Further, in the case of R v Jackson Namunya Tali, the accused a nurse was tried, convicted and sentenced to death by the High Court in Nairobi for the offence of murder. It was alleged that the accused person murdered Christine by virtue of section 213 of the Penal Code who according to the accused had a botched abortion that led to her bleed to death. The accused appealed and the conviction was quashed. The matter is still pending in court.
Commentators have observed that in Kenya there exists a National Reproductive Health Strategy (2009-2015) which aims at eradicating all forms of discrimination against women and the girl child, enabling them to exercise their reproductive and sexual rights. However, this policy document does not mention abortion at any circumstances. This shows how Kenya is against abortion.
Flipping the coin to the other side however, the same Constitution of Kenya that prohibits abortion creates a loop-hole that could be argued to validate abortion. It provides what this research terms as a ‘legal creep in on abortion’.
This is encapsulated under Article 26(4) of the Constitution which provides that, ‘abortion is not permitted unless, in the opinion of a trained health professional, there is need for emergency treatment, or the life or health of the mother is in danger, or if permitted by any other written law.’
Moreover, the Constitution provides that; every person has the right to the highest attainable standard of health, which includes the right to health care services, including reproductive health care. Safe abortion has been argued by commentators to be part of international definition of reproductive health care.
The Constitution can further be said to sanction abortion by virtue of the right to privacy which is constitutionally recognised. The right to privacy herein receives a broad construction encapsulating the privacy as regards whatsoever decisions one would wish to take in their life, including and not limited to procuring abortion.
The right to privacy was encapsulated in the landmark case of Estelle Griswold and another v. Connecticut which involved a law that prohibited any person from using any drug, medical instrument for the purpose of preventing conception. The court in reaching a decision held that the statute was unconstitutional and that it violated the right to privacy which means that an individual, married or single, has a right to be free from unwarranted governmental intrusion into matters so fundamentally affecting a person as the decision whether to bear or beget a child.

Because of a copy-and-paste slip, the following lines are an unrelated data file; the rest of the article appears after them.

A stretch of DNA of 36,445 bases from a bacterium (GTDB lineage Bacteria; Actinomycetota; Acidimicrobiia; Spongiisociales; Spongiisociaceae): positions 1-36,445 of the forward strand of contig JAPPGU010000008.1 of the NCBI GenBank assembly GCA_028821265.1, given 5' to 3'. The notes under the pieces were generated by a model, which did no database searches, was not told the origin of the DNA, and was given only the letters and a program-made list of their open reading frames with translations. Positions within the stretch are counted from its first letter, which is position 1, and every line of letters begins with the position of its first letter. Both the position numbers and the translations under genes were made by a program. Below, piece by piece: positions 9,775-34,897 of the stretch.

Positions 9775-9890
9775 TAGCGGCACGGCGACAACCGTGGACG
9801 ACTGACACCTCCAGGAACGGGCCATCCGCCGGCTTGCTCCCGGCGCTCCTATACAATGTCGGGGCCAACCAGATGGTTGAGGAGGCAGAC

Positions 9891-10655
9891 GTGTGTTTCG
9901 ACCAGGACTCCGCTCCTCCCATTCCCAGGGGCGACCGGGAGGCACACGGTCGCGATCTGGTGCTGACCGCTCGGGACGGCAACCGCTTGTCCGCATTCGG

In relation to abortion, the court in Doe V Bolton ruled that the right to privacy extended to a woman’s decision to have an abortion.
In addition to the right to privacy, the Constitution in its Bill of Rights provides that, ‘every person has inherent dignity and the right to have the dignity respected and protected.’
The Penal Code also sanctions abortion by providing that,
A person is not criminally responsible for performing in good faith and with reasonable care and skill a surgical operation upon any person for his benefit, or upon an unborn child for the preservation of the mother’s life, if the performance of the operation is reasonable, having regard to the patient’s state at the time and to all the circumstances of the case.
Moreover, the Penal Code provides that, ‘a child becomes a person capable of being killed when it has completely proceeded in a living state from the body of its mother, whether it has breathed or not, and whether it has independent circulation or not, and whether the navel string severed or not.’ This provision was used by the defence counsel in Dr Nyamu’s case and the learned judge also emphasised on the same provision in determining the case.
The Constitution of Kenya encapsulates that the general rules of international law shall form part of the laws of Kenya and that any treaty ratified by Kenya shall form part of the law of Kenya. By virtue of this provision, abortion in Kenya could be argued to be approved as a result of Kenya being a signatory to the Maputo Protocol.
The Protocol guarantees comprehensive rights to women including the improved autonomy in their reproductive health decisions. The Protocol stipulates that;
state parties shall take all appropriate measures to protect the reproductive rights of women by authorising medical abortion in cases of sexual assault, rape, incest, and where continued pregnancy endangers the mental and physical health of the mother, or the life of the mother or the foetus.
Despite the fact that abortion is not permitted, it can be concluded that the Constitution sanctions abortion to some extent.